smaller government, and i think they're going to be in for a surprise, because a lot of outsiders, when they come to washington and get ready to leave will tell you that they were stunned at the difficulty of getting things done in washington. >> right. >> and cutting through that bureaucratic red tape to get things done and if they can do that, more power to them, because, because it's been tried and tried again and, again, these are ceos used to saying, i want this done, and on my desk tomorrow. and let's have it done. >> these guys don't represent politics as usual. rex tillerson doesn't represent washington as usual, certainly. that, i think, accomplishes the goal of draining the swamp in a large measure for a lot of trump supporters. >> he said during the campaign at almost every rally, i want the best negotiators, people who can make deals. >> that's it. >> traditional diplomats are terrible. can't make a deal. the u.s. suffers all the time.
trying to do, get people like rex tillerson, presumably can make the deal. >> yes. >> here's a question. a president-elect not reading presidential daily brief every day. how much authority will he delegate? this is a question we don't really know the answer to. how many decisions will he say, okay. general mattis, tell me what to do and i will do that? or how much will -- you know, percolate up to his level and then he sits around a table with six people. or does he want to delegate more to his cabinet than we've seen recently? you know, we -- >> we're going to find out very, very soon. guys, thanks very much. coming up, isis fighters retake territory in syria, but why the u.s. now says they are closer than ever to ending the operation against them? we'll have an update.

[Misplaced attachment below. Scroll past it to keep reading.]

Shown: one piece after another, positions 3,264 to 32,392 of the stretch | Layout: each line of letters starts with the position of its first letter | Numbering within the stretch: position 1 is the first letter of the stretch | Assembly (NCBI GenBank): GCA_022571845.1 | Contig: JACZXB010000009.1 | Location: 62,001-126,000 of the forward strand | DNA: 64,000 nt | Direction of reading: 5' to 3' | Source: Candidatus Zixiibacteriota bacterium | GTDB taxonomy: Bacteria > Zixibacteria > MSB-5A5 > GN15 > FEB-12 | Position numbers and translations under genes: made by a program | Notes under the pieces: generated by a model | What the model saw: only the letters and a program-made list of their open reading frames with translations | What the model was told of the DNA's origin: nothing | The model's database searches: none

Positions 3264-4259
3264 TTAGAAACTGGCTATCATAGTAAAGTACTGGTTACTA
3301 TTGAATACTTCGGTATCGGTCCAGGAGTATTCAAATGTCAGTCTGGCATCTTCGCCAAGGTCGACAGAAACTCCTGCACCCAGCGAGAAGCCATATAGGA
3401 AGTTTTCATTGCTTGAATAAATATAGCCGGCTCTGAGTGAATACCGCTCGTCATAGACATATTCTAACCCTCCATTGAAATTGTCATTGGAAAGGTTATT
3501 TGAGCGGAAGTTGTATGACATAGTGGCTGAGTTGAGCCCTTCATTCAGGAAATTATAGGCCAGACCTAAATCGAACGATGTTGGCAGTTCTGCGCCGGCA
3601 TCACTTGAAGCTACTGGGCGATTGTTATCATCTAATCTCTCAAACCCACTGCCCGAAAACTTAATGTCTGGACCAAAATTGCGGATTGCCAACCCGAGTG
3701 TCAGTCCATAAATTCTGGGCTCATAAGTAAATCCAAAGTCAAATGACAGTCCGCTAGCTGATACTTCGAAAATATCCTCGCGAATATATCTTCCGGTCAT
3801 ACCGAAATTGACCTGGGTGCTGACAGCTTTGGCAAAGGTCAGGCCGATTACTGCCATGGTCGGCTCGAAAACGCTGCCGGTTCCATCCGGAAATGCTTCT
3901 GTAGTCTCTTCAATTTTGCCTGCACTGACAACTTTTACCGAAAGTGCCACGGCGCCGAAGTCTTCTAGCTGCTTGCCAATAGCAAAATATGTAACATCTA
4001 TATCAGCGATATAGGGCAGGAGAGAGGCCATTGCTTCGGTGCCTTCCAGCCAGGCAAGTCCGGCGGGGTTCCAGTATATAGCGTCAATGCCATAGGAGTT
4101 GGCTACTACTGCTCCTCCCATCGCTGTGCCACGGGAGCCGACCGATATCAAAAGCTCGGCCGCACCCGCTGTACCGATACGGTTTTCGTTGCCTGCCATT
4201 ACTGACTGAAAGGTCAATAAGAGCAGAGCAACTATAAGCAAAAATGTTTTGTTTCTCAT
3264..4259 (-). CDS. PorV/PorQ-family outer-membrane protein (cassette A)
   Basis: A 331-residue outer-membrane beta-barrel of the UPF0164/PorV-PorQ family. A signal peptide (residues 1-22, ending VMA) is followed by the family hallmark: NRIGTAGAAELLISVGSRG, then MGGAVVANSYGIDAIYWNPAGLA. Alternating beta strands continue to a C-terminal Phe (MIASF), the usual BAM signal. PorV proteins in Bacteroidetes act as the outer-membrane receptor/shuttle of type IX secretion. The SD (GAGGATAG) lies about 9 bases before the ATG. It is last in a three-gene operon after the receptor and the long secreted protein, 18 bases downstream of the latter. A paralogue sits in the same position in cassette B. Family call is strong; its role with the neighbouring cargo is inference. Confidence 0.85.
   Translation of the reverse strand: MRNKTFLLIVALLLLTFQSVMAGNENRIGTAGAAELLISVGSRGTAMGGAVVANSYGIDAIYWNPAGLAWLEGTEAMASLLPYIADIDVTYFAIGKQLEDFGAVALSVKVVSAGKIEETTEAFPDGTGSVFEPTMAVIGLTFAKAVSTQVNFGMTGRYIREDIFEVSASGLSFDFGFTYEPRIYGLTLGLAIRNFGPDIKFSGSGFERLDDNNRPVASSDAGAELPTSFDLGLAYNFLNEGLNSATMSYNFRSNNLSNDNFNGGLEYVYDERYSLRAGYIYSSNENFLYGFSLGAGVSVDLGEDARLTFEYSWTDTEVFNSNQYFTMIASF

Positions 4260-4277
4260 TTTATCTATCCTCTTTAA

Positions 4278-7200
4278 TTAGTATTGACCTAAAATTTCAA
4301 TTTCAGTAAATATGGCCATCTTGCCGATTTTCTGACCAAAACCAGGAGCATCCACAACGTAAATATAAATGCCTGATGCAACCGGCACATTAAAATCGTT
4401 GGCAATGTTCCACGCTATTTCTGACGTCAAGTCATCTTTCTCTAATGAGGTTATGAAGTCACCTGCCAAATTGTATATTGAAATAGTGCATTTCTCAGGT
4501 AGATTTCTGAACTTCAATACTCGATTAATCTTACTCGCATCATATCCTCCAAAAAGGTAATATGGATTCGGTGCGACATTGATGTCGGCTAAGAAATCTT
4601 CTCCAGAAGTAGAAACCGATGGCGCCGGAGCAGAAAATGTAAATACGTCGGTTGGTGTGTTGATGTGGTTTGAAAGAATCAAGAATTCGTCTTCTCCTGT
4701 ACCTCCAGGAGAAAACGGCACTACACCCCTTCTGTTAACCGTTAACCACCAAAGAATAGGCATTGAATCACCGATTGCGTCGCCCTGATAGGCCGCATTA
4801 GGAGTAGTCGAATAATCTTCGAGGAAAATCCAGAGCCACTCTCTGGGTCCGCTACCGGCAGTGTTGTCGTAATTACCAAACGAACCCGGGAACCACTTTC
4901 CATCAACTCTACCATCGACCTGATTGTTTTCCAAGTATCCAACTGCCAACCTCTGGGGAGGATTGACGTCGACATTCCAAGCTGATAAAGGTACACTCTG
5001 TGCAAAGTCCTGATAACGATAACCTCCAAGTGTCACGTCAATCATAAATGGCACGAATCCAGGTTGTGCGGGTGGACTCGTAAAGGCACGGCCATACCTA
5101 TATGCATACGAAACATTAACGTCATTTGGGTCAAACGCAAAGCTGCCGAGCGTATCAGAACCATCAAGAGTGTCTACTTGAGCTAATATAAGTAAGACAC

in both iraq and syria, the u.s.-led coalition is making sig knt strides in the fight against isis. that, according to president obama's special envoy on this campaign to destroy isis. >> having tremendous auction against the enemy, accelerating, putting pressure on two capitals of mosul and raqqah. but it remains an unprecedented threat. this war is not over. it will be a multiyear effort. >> and tremendous success, as he calls it kwhash? what does it look like. 61% of territory in iraq that had been controlled by isis reclaimed. at least 75% of isis fighters, they say, have been killed during this campaign of u.s.-led
air strikes and believe isis only has between 12,000 to 15,000 "battle-ready fighters" adding the terror group is no longer able to replenish its ranks. for more on this fight, fwling our senior international correspondent ben wedeman joining us from erbil in iraq now. ben, you're not far away from mosul, second largest city in iraq under isis control now since 2014. what are you hearing about the battle to try to liberate the city? >> reporter: certainly initially there were quite dramatic advances by the iraqi army, but now that they are actually within the city limits of mosul itself, on the eastern side, what is proving to be quite a difficult battle, in fact. today isis taking advantage of the bad weather, the heavy rain that was going on for much of the day, a counter attack in three separate neighborhoods in eastern mosul, and what we saw